Fall Honey

I opened the hives and harvested some honey. The sign is up. People came to the door even before Erica finished the bottling. Sales, as usual, are brisk. We have about 60 bears and 18 Muth jars, as this was a big harvest for us. The hives were packed with honey.

First, one half of the split did not take. I guess that I did not have enough new brood for them to make a queen. The split was done in haste and I may not have been able to get a good frame in the queenless split or else the queen wound up in the split with the new brood. I looked for her, but did not see her.

The good news is that the split was able to make lots of honey in the last month and it was not robbed by the other hives.

I harvested the honey in two steps. I ordered “Liquid Smoke” which is food grade smoke flavoring mixed with water and tried it a couple of weeks ago. I discovered that liquid smoke just makes the bees even more angry and was badly stung. I quit after harvesting only seven frames. The bees were very angry with me. I was stung about 30 times and the bees followed me around for about an hour trying to find an opening in my bee suit. I had bees sneaking in my gloves and getting through the veil and landing on my nose. It is days like that that make me want to give it all up.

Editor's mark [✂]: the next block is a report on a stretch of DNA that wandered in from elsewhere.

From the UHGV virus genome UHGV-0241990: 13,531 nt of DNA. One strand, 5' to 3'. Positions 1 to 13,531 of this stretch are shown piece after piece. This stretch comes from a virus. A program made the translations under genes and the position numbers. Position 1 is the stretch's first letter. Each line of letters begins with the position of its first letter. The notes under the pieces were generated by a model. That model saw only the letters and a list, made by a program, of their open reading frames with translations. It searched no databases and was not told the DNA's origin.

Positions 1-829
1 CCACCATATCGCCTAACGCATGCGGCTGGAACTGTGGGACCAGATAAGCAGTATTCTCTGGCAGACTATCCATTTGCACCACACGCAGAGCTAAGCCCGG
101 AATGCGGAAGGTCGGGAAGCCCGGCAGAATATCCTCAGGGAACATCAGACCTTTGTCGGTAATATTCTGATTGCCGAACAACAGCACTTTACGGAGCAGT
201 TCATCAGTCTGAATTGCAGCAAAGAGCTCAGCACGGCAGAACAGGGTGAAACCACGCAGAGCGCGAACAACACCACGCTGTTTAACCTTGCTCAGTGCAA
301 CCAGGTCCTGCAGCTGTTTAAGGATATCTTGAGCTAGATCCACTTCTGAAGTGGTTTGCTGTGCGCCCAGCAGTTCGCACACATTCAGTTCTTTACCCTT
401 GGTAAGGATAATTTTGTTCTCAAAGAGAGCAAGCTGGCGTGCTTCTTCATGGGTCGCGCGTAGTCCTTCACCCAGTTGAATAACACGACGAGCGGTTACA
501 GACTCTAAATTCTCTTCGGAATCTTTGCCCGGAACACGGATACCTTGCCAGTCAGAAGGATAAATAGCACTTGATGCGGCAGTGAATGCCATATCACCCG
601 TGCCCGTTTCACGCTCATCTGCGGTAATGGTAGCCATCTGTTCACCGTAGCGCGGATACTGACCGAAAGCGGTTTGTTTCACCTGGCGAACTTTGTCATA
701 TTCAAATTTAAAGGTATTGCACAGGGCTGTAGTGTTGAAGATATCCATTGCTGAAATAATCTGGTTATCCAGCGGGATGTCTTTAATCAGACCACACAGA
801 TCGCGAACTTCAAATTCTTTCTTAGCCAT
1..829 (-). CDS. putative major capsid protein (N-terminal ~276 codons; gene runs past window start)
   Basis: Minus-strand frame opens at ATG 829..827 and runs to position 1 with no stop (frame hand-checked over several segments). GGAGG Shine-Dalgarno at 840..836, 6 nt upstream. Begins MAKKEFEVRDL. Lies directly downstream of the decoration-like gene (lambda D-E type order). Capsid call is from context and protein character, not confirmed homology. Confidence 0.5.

I went back last Saturday and used real smoke and was able to harvest 20 frames from the hives. There is some honey in the split that did not make it and 10 more frames in one hive that I will try to get this weekend. Using real smoke, the bees were very calm and I was only stung twice and both times were my own fault.

I use raw cotton in my smoker which has very little smell. I did add some “pine straw” from under the pine trees, which burns very slowly and the mixture calms the bees right down so I only have to give them a whiff. I smoke the air above the hive if the bees start swarming around, and I find that if I smoke myself a little the bees stay away from me.

The hives are very heavy and I have hopes that all the remaining hives will make it through the winter. Last year, the hives were near empty at this time and they starved by Christmas. I put on the top feeders and I will give each hive a couple of pounds of sugar each week as long as they will take it. I don’t want them to think that there is a nectar flow, because then the queen might start laying more new brood than can survive the winter. I will stop feeding when the weather gets cold. I start feeding again in late February when we typically have some thaws and the bees start to wake up.

With luck I will not have to buy new packages in the Spring. Packages cost $100 or so and you never know what you get. These bees are a little cranky (not sweet and calm like the Golden Italian bees I’ve had in the past), but they are supposed to be good at overwintering in this area. They are also supposed to be naturally resistant to mites, which can devastate a hive. We will see.

Robbed the Bees on Labor Day